Apple iPhones seem ubiquitous in the enterprise, and, at the same time, digital assistants are entering the enterprise workspace, so why don’t we hear more about organizations using Siri?
We’ve been keeping an eye on digital assistants and their business angles since I started at BrianMadden.com. I’ve also begun 2020 with a look at the recently released Citrix’s Workspace intelligent experience and VMware’s Workspace ONE Intelligent Hub Assistant.
Both digital assistants require that the users have their respective app open in order to interact with them, which leaves an opening for Siri—as well as Alexa for Business and Google Assistant—to potentially find use.
Let’s look at how easy it would be to add Siri integration to applications and whether we might see it in either of VMware or Citrix’s workspace apps in the future.
Custom Siri intents
Apple developed custom intents as a way to build in Siri integration for third-party applications. It allows users to interact with Siri in your app via shortcuts. This capability first appeared in iOS 11.
In theory, custom intents are quite simple: the user makes a request from Siri, which connects to the Intents App Extension, then to your app services, and finally interacts with your app.
To get an app to work with custom Siri intents, developers need to do a few things through SiriKit. The first task is to enable Siri capability within your iOS app. To have Siri work outside the app itself, you also need to add targets (e.g., the Intents Extension to be used—some examples include content blockers, iMessage, etc.), from within the Intents Extension and Intents UI Extension menu. Once done, it’s time to create the Siri Intent Definition File to explain what your custom intent is designed to do.
With that all in place, you can begin to build out your custom intent. You’ll fill out a short description of the custom intent, title, whether user confirmation is required, input parameters, and shortcut types, and Siri response (e.g., responses for the app failing, completing the requested query, etc.). An example parameter you might use could include saying the name of a city a user might want to know the weather of, if your app shows weather forecasts.
Obviously, you’ll also have to design your app with policies about what types of potentially sensitive data is shared via Siri and when.
Will we see Siri involved with Workspace or Workspace ONE?
Citrix and VMware have their own assistants, but both require the app to be open, so I wanted to ask if we might see integration with Siri in the future.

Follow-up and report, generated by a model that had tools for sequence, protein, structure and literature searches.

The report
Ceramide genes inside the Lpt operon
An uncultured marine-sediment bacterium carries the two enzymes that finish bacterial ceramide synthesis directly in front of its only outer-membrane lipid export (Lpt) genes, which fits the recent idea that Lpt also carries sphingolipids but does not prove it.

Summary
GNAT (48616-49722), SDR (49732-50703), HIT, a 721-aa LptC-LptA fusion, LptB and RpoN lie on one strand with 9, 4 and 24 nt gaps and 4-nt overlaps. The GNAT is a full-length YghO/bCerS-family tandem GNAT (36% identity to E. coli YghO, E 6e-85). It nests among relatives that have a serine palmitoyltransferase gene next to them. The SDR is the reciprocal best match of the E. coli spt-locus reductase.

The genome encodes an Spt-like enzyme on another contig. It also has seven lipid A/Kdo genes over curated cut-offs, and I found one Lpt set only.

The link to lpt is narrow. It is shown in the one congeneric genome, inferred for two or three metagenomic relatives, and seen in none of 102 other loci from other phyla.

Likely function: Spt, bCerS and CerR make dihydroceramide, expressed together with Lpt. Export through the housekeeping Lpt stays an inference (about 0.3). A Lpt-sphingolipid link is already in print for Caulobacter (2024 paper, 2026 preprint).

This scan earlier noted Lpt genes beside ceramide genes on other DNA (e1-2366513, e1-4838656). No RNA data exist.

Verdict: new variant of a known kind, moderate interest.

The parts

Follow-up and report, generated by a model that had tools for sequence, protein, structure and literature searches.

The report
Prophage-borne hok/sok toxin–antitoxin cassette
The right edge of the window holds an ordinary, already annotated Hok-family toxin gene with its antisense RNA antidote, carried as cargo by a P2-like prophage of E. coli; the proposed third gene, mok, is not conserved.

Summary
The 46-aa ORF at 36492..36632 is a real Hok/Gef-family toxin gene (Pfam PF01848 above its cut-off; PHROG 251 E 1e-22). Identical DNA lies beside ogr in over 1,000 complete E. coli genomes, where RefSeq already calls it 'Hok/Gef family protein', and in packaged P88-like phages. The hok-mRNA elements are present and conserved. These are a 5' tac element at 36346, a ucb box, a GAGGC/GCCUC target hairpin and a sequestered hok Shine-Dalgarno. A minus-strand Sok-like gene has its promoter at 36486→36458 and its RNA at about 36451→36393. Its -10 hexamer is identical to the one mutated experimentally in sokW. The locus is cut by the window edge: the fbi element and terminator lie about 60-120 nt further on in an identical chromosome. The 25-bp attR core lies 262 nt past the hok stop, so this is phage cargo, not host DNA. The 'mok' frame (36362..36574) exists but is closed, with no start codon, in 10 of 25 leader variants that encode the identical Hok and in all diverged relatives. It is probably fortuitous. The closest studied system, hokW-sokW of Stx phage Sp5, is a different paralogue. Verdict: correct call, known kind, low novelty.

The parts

All Citrix would tell me is that Siri integration is currently planned. In a Citrix Synergy 2019 session on their new virtual assistant, one presentation slide showed it eventually working alongside other digital assistants, specifically mentioning Alexa and Google Assistant.
When I reached out to VMware for comment, they told me, “Our assistant supports native voice control (Keyboard dictation) on iOS and Android allowing users to communicate with the assistant via voice instead of typing in their questions. With this capability users get hands free communication when using Virtual Assistant within the Intelligent Hub app.”
Do we need this?
While Apple developed the capability to integrate Siri use into third-party apps, we also need to ask ourselves whether we really want to let Siri and other digital assistants interact with workspace-oriented apps. Is your organization OK with the idea of an employee simply saying, “Hey Siri” when the app isn’t open or with the device locked and being able to interact with it? Maybe you’re alright with ambient interaction when the app is already open and ready for use on the device?
Part of deciding whether organizations may want Siri, and other digital assistants, integrating with the workspace apps is considering the use cases where it may actually be useful. Hands-free interaction could be useful while an employee is in their car and have Siri read out their microapp notifications and even allow for some interaction or to ask for employee contact information. Maybe something like, “Hey Siri, read my Intelligent Hub notifications; OK, approve that expense report.”
While I hear a lot about iOS dominating workplace adoption through industry conversations, Siri almost never comes up, let alone Alexa, Google Assistant, and Cortana, so it might not be too surprising to see that Citrix and VMware opted for their own digital assistants.
But why couldn’t Siri, or any of the others, be implemented more widely? As discussed, it wouldn’t be a herculean task for vendors to add Siri integration to help provide some limited hands-free tasks for employees.